Qualitative Interview: What it is & How to conduct one

A qualitative interview is commonly used in research projects involving new products, brand positioning, purchase dynamics, behavioral analysis, exploring market segments, etc. Recent data also suggests that it is highly effective when used in employee engagement initiatives.

It has also proven to be extremely helpful when it comes to problem definition as well as developing an approach to a particular problem.

What is a Qualitative Interview?

A qualitative Interview is a research approach used in Qualitative studies where more personal interaction is required and detailed data is gathered from the participant. Qualitative interviews usually involve follow-up questions and are conducted in a conversational or discussion format.

A qualitative interview is a more personal form of research compared to general questionnaires or focuses group studies. Such formats often include open-ended and follow-up questions. 

How to conduct a Qualitative Interview?

Qualitative Interviews usually have a more personal format compared to other approaches and include getting to know your participant in detail allowing them to open up and provide detailed feedback. Researchers also use open-ended and follow-up questions extensively in such interviews for the same cause.

The process also requires additional attention and active listening from the interviewers. Qualitative interviews are an integral part of focus groups to generate discussion among a group of people to uncover key subject insights based on personal experiences and increase communication within the group.

What are the various types of Qualitative Interviews?

The interview itself can be conducted over multiple formats. Firstly, Structured Interviews where a list of predefined questions is asked to the participant via physical interviews, phone calls, or hire questionnaires. Whereas, unstructured Interviews are conducted with little or no preparations following a more conversational format based on participant interests and skills.

Lastly, semi-structured interviews are a combination of both where researchers start with a structured format and also use follow-up questions and discussions.

Learn more by reading our guide: Types of Interviews.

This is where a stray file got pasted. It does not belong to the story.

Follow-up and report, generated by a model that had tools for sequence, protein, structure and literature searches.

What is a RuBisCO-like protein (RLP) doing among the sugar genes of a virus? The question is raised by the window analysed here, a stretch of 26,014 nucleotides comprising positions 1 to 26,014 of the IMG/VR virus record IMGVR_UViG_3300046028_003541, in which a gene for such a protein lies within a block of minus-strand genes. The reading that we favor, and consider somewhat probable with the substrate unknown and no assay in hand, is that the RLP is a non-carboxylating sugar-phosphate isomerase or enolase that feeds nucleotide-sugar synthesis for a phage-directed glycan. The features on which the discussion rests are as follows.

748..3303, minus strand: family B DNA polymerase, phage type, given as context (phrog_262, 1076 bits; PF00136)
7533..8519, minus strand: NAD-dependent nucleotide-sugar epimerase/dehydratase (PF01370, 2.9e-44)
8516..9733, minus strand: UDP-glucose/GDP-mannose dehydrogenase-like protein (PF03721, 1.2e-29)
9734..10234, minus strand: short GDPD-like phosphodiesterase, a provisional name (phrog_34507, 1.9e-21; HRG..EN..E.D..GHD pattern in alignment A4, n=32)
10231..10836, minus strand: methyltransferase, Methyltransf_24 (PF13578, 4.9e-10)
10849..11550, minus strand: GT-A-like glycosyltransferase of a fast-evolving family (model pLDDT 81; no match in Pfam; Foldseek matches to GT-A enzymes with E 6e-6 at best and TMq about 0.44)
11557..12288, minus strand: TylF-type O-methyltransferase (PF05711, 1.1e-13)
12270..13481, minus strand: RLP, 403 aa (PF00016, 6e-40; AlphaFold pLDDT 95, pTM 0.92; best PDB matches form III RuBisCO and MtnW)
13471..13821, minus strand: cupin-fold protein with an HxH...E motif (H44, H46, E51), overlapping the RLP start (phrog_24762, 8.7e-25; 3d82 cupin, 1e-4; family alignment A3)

What are some of the advantages of using Qualitative Interviews?

The relative absence of researcher bias due to direct interaction with participants when compared to focus groups or quantitative approaches.

Qualitative Interviews also provide flexibility to both researchers and participants in regards to participation, two-way communication, and cost-effectiveness.

Qualitative Interviews also provide the space and time to develop a certain sense of intimacy between the interviewer and the participant. This allows the researcher to respond openly without a filter.

Another advantage of using Qualitative Interviews is keeping your research costs at bay.

Disadvantages of a Qualitative Interview

The subjective nature of Qualitative Interviews may often lead to missing the objectivity of the research as a whole. Observer bias can often mislead the direction of the research based on the participants’ subject experience.

Similarly, negative reactions can often derail the researcher’s approach, especially when dealing with customers. The risk of being the participant black sheep in the herd is fairly common in closed group interviews like organizational research studies.

One of the key strengths of Qualitative Interviews can also be a key weakness. The open-ended nature of such interviews may also be the main hurdle when coming to summarizing an interview. 

To summarize, Qualitative Research can either be a valuable tool to discover problems or help elevate any research programs with subjective data or leave researchers with amorphous and contradictory data. The key is to use the approach in combination with other qualitative and quantitative research techniques to enhance the depth of the data gathered.


Authors: Harpal Singh & Shabeen Shareef